Confronting Gendered Violence on Campus

This article is from WLUFA Advocate 4.2 October 2015.

Kari Brozowski, Community Health

Sexual violence is not about sex; it is about a perpetrator exerting power over someone they perceive to be weaker. We know from studies of gendered violence that those who appear to be more vulnerable are seen as “easy” targets by a perpetrator. Women, people with disabilities, aboriginal women, women of colour, and gay, lesbian, bisexual and transgendered people are more likely to experience sexual violence. And, as a 2010 study by Brozowski and Hall establishes, the incidence of sexual violence against elder (65 and older) men and women who appear to be more vulnerable is also higher than the average.

Gendered sexual violence is a longstanding problem on university campuses across Canada—one that has only recently gained media attention. That attention along with campus activism has compelled university administrations to address the issue more effectively. At Laurier, students, staff, faculty and community groups came together last year to form the Gendered Violence Taskforce. The taskforce is working to recommend policies and protocols that provide greater supports and accessibility to all campus community members in order to ensure that everyone has the opportunity to feel safe and secure. These policies, says taskforce Chair Lynn Kane, address any type of gender-based violence, including sexual assault, sexual harassment and bullying.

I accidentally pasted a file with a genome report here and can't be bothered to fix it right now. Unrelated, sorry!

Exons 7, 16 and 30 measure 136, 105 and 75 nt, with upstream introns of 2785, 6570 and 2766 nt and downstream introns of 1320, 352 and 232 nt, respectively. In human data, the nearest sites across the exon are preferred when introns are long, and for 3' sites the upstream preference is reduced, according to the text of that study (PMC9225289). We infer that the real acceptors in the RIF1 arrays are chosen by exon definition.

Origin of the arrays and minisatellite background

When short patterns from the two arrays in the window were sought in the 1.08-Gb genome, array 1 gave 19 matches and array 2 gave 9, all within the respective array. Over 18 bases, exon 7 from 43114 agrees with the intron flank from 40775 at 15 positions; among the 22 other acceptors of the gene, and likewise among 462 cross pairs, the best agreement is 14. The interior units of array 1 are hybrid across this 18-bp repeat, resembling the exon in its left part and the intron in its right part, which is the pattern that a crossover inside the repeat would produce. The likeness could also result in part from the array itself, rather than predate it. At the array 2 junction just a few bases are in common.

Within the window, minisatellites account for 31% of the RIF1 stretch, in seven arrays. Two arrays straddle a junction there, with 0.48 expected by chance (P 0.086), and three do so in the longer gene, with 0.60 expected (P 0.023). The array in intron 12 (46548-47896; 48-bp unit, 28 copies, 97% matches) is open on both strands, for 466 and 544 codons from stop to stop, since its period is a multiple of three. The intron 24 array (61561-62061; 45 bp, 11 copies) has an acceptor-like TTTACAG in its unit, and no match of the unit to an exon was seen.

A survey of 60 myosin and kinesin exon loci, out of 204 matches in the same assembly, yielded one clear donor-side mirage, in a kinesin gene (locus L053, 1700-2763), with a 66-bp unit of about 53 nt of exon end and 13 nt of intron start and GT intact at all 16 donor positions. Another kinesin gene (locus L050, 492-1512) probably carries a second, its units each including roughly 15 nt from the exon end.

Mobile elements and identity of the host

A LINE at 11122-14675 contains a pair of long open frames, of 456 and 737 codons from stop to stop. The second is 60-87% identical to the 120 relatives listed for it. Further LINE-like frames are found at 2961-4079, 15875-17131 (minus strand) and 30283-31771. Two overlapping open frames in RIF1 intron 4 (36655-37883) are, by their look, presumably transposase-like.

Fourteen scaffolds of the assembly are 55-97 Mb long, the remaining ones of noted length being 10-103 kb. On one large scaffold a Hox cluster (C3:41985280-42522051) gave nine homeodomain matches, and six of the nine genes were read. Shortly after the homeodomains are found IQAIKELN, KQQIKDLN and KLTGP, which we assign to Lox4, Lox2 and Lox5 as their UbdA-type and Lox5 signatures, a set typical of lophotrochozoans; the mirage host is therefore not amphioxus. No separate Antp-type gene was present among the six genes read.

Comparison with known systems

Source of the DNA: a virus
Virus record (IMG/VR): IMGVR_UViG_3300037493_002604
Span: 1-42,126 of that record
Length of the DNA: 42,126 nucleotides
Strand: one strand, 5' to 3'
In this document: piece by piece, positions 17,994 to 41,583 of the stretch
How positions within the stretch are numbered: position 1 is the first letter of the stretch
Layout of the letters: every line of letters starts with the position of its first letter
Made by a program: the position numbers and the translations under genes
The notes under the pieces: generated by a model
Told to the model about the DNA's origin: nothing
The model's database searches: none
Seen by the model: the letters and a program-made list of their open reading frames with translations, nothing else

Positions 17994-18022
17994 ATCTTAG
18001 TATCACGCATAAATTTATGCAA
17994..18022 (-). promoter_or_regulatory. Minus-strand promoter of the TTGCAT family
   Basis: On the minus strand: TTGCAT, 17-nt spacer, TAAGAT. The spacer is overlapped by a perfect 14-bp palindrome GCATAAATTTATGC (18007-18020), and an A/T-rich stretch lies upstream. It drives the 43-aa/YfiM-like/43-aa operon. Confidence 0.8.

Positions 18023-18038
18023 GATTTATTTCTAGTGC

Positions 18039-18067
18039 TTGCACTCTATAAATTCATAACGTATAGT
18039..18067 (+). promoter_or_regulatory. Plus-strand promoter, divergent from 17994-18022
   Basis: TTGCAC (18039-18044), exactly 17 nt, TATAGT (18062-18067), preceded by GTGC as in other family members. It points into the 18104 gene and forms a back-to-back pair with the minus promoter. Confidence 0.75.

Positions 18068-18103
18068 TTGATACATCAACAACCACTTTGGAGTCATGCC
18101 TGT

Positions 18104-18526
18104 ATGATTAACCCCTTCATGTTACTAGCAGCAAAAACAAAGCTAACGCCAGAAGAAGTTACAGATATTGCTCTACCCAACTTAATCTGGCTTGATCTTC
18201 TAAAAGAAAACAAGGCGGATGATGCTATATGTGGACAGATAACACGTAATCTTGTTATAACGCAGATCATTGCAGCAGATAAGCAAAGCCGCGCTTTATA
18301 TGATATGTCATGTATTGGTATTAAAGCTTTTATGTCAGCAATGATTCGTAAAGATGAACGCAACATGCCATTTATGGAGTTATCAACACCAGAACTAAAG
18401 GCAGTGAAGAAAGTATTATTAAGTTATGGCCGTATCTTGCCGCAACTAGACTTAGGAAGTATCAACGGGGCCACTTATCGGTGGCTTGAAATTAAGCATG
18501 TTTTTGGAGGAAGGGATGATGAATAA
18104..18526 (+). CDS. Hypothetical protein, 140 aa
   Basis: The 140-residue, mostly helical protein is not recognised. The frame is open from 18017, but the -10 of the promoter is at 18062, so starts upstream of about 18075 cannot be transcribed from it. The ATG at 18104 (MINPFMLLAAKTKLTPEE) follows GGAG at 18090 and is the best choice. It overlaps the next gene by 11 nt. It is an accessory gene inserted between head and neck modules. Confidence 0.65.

Although there are some harassment and discrimination policies in the WLUFA collective agreements and the student code of conduct, it is not clear that these policies apply to everyone. As such, the taskforce is advising the university on what policies and protocols need to be implemented to address the gaps that currently exist. Taskforce members will also be meeting with WLUFA representatives in November to brainstorm how the Association can better address gendered violence as a workplace issue.

The taskforce’s mandate further includes establishing or formalizing university-wide support services for people who have experienced gendered violence, and ensuring the university complies with relevant federal and provincial legislation and mandates. Its goal is not to help the university better manage incidents of gendered violence, but to eliminate them.

Laurier Resources:

Gendered and Sexual Violence Education, Training and Policies

Gendered Violence Support and Services

 Further Reading:

Kari Brozowski and David R. Hall, (2010), Aging and Risk: Physical and Sexual Abuse of Elders in Canada, Journal of Interpersonal Violence, 25(7), 1183–1199. Please see summaries of other Laurier research on this topic featured on page 2.



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